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Chapter 24 - The Advisor[]

New Syrtis Naval Headquarters
New Syrtis Star System
Federated Suns

"...convicts? Prisoners? pirates?  This is going too far, Milord!"  Admiral William Hasek scowled, then turned to the 'advisor' from the LCN.  "You were a law officer for christ's sake!!"

Anh glanced to the First Prince, Julian Davion, who just gave her a nod.

"Les condamnés sont qualifiés et nous avons besoin de gens qui peuvent naviguer."  she said it in a fairly smooth French, then added, "The FSN doesn't have enough on-hand, and it takes years to train them-these people have the single qualification. The capacité nécessaire et éprouvée to do these jobs, and this way. While your taxpayers are paying for their meals, they are not also paying for their lawyers. For the courts hearing their appeals, for the jailers, the maintainers, the prison meals, executioners, wardens..."  she tapped her boot with her crowbar, "When the Coast Guard had to suddenly secure thirteen periphery-border systems so thoroughly that we could neither allow anyone out, or anyone in lest the human race be put at mortal peril, Admiral, we emptied the prisons of pirates, and the ones who could pass the exams and the training, were worth twenty thousand times their weight in Germanium."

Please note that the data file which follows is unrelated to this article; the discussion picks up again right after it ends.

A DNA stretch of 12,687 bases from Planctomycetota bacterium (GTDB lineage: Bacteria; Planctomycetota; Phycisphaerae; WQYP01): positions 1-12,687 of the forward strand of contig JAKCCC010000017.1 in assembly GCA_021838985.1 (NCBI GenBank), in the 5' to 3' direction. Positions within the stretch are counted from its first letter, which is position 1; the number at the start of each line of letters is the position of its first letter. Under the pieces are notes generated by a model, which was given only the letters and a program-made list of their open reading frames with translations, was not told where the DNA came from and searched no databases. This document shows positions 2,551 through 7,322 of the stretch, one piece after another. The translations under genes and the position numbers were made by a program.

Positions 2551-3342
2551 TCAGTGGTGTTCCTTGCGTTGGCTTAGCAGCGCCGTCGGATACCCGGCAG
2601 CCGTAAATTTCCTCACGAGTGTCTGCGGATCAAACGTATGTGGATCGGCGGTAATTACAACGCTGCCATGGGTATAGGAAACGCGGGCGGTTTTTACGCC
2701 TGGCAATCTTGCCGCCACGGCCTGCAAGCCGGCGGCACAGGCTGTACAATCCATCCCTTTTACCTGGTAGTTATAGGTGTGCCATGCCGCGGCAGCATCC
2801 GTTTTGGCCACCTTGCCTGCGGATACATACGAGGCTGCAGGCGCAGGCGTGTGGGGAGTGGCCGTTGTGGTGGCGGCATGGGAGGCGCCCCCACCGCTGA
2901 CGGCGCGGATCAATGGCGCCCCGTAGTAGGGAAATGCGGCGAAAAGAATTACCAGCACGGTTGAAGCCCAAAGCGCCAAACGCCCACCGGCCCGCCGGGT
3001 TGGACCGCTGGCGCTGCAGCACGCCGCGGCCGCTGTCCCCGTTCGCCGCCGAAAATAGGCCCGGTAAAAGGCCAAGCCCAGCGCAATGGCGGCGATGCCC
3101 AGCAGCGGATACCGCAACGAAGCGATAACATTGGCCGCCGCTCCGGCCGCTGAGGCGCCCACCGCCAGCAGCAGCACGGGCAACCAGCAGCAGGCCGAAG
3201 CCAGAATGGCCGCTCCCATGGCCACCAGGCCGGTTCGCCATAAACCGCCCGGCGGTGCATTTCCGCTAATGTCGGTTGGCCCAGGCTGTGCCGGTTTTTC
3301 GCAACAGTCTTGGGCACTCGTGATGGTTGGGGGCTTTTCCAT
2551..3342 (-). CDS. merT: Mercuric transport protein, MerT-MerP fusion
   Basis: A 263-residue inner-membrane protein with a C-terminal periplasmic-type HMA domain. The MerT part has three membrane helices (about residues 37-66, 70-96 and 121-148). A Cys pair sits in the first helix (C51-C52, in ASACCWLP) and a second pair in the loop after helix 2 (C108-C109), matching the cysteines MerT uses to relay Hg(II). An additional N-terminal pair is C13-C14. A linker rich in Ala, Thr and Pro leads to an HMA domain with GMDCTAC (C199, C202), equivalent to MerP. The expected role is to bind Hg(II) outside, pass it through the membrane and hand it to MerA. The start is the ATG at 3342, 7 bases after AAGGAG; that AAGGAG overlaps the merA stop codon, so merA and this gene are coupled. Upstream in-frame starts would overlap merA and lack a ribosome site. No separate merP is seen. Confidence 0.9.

"You're claiming one person can be worth a jump core?"

"If it's the right person, Oui." she spoke with that same measured deliberate tone.  "Ayeh, th'raht nav'gattah es wuth a jump coah."

"These are felons!"

"It's necessary." Julian interrupted.  "How many did your dragnet catch, Commander?"

"Chief Willard an' th' MIIO guys found us one hundred fifty candidates in prisons, Capt'n LaFayette..." she slowed down again into measured tones, "Captain LaFayette and the recruitment gang signed on enough candidates to double that by hitting the lower-tier academies, local proving grounds, and high schools. Following the testing and training guidelines laid out. We should be able to graduate about seventy percent of candidates."
"Losing twenty five percent."

"Twenty. There's a built in death rate." she said, "Space duty is hostile environment. The more realistic the training, the more likely you are to experience casualties.  Barring a miracle of some sort, I expect five percent of candidates will die during each training cycle."

Julian stiffened, "That high? we don't see that with infantry training!"

"Infantry training generally does not include living for prolonged periods with less than three millimeters of material between you and hard vacuum, Your majesty."  she said, "A bored infantryman going a little stir crazy doesn't vent the whole compartment or lose his mind in such a way that it kills the men with him...usually, and Ship duty isn't like Tank duty or 'mech duty, both of those...dans les véhicules de combat et blindés, vous ne vivez pas à l’intérieur des parties mobiles de la machine."

Admiral Hasek gasped in surprise at her comment.  "'re not using simulators?"